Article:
Leveraging User Feedback to Create a Better Website

A few weeks ago we published a post about the new beta MBTA’s website with several objectives in mind:

  • Announce beta.mbta.com and inform readers about our process
  • Request users feedback
  • Recruit talented developers to join our team
One of the many versions of the Home page we’ve been testing

Initial Feedback

We started receiving feedback almost immediately after publishing our update and, well, the responses weren’t all too flattering. We understood releasing a beta with very limited functionality would lend itself to all kinds of commentary. Still, we couldn’t help but limp a little after reading what early users had to say.

“The schedules formatting is confusing… People have a certain mental model of how a bus schedule should look and this isn’t it.”
“Personally I didn’t think the current website needed a massive overhaul at all.”
“I don’t like the tacky picture of the MBTA station as the watermark on ever [sic] page. Keep it simple.”

Receiving critique is rarely up there on most people’s list of enjoyable tasks. That being said, we did very much appreciate this amazing opportunity to gain a better understanding of our users’ needs and perspectives this early in our process. We felt that we made the right move having shared our work in progress and not waiting until we have a more developed product. The numerous comments that we received helped us validate some of our early design decisions and reexamine some others.

Summarizing Critique

Most of the folks who took their time to provide their feedback did it to point out some flaws in the beta website.

Site Width and Background Image

A number of commenters felt that the beta site is too focused on mobile design. The site pages are too narrow and are not utilizing all the available space efficiently. All the important content is below the fold, and the site navigation requires too much scrolling.

The site background image didn’t receive any accolades either. Some people told us it was too distracting and confusing.


The new way for displaying schedules was another common theme. Several people wrote to us that they did not care much for it.

“Commuter rail schedules are not intuitive and inconvenient to use. The old time-table style schedules are much easier to read.”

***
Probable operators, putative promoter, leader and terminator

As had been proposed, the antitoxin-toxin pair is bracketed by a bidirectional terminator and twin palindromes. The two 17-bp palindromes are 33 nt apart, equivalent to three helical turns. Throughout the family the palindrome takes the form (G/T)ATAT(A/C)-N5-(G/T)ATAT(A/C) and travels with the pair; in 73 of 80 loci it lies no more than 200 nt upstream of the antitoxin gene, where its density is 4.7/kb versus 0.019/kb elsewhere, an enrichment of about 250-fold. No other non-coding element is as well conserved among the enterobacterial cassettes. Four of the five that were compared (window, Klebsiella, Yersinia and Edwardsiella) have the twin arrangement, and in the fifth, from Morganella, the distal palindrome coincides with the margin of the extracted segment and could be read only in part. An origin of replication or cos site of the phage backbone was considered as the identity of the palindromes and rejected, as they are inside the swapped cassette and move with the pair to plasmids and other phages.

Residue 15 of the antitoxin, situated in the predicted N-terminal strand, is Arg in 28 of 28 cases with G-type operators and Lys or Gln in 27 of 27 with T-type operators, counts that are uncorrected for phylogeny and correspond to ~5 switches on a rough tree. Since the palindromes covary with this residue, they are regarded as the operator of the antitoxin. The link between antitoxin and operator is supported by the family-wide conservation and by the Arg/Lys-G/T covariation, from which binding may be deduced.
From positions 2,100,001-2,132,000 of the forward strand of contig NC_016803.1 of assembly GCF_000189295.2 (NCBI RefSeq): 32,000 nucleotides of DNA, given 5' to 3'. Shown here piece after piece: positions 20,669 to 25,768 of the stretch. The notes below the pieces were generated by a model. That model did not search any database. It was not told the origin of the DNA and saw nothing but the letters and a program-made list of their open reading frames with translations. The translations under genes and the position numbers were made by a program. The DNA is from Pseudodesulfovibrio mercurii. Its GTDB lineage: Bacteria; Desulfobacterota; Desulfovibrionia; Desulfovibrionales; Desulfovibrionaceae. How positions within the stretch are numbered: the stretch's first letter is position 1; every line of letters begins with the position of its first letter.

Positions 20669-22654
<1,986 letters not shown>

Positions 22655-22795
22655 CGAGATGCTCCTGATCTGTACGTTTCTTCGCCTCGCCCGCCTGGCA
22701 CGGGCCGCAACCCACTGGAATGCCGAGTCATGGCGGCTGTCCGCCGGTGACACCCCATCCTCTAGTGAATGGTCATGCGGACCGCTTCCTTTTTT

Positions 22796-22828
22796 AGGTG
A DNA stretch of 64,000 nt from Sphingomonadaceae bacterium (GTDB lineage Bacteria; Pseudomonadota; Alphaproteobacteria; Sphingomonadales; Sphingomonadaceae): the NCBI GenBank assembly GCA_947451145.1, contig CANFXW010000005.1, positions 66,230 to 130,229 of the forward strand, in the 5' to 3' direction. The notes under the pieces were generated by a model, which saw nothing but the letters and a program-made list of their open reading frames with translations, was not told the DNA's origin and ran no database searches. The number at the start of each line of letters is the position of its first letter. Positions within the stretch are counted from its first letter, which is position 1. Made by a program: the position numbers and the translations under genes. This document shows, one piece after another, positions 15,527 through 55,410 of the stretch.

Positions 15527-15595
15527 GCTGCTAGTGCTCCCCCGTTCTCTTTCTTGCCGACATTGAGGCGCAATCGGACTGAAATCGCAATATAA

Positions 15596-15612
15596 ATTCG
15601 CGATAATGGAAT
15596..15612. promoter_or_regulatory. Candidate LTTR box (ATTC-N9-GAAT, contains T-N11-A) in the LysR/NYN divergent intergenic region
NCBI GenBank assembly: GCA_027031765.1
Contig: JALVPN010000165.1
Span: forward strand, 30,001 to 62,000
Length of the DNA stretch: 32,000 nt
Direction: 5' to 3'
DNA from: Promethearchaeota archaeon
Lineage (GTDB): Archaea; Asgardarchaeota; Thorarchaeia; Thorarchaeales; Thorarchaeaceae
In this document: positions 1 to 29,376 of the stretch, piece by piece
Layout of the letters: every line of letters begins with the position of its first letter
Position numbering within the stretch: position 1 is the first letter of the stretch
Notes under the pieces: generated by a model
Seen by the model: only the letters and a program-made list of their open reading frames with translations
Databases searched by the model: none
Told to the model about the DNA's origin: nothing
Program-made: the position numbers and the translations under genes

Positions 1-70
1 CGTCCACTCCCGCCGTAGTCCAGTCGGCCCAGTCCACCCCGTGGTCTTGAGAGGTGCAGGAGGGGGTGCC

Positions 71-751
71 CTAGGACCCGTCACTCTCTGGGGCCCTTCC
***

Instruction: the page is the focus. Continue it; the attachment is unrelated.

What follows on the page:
The critical comments were that the new schedule pages are confusing. It takes too many clicks to get to the relevant information. The designation for peak hours of service and express trains is missing. Also, the new schedule pages need maps as well as PDF versions of the schedules.

Real-Time Information

Some reviewers pointed out that the new site did not have any realtime information about the upcoming arrivals and vehicle locations.

“Would be nice to have bus route maps to see what buses are available where. Also would be nice to have live trip updates for both buses and trains when a particularly location is selected.”


People also had some feedback about the updated way we’re displaying Service Alerts. A few folks reported that the alerts are not shown prominently enough on the home page. Additionally, some users commented that they found alerts that were not specific to their regular route distracting.

Content Organization

A number of commenters wrote to us about the order in which different content sections were organized.

The ‘What’s Happening at the MBTA’ section at the very top of the homepage was a frequent target of complaints as people felt that it pushed down more relevant information. Some people suggested changing the ordering of modes in the Schedule section, putting the Commuter Rail schedules below those for Bus and Subway. Others felt that ‘Logan Airport’ and ‘Fare Information’ links should not be ‘buried at the bottom of the page.’

“I don’t use the commuter rail, why is it the first thing i look at on the site?”

Visual styling

Another area that received some critical attention was the visual styling of the website. Some people wrote to us that the new site seems off-brand from what MBTA users are accustomed to. The pages need more color and pictures.

“the feel of it seems nonofficial. not like the T.”

Words of Encouragement

I certainly don’t want to give the impression that all the feedback we received was negative.

A number of folks wrote to us to point out things that they liked about the beta. The positive feedback is more that just a pat on the back. It helps shed the light on what works well and makes us think on how we can apply this in other areas of the website.

“The site looks a lot less cluttered, and the layout has a nice, clean functional look to it. It’s a lot more intuitive right off the bat.”

Prioritizing Important Information

Some of the positive feedback was about the schedules that are now prominently displayed on the home page. People wrote to us that it makes the site easier to navigate and it’s quicker to get to important information.

“I really like how the schedule is front and center, and easy to navigate.”

Quicker and More Responsive

A few commenters wrote to us that the new site is perceivably faster to load and navigate. A lot of positive feedback mentioned that the website looks significantly better on a smartphone.

The performance of the site is impressive and loads new pages quickly. It looks great on mobile and tablet.

Back to the Lab

Thank you to those who have taken the time out of your busy days to share your thoughts with us. Our goal is to work with our riders to create the best website for them and provide transparency in our process. Our small team is releasing changes daily —please stick with us and keep on providing your feedback on our beta site.

Continue to challenge us. We’re listening.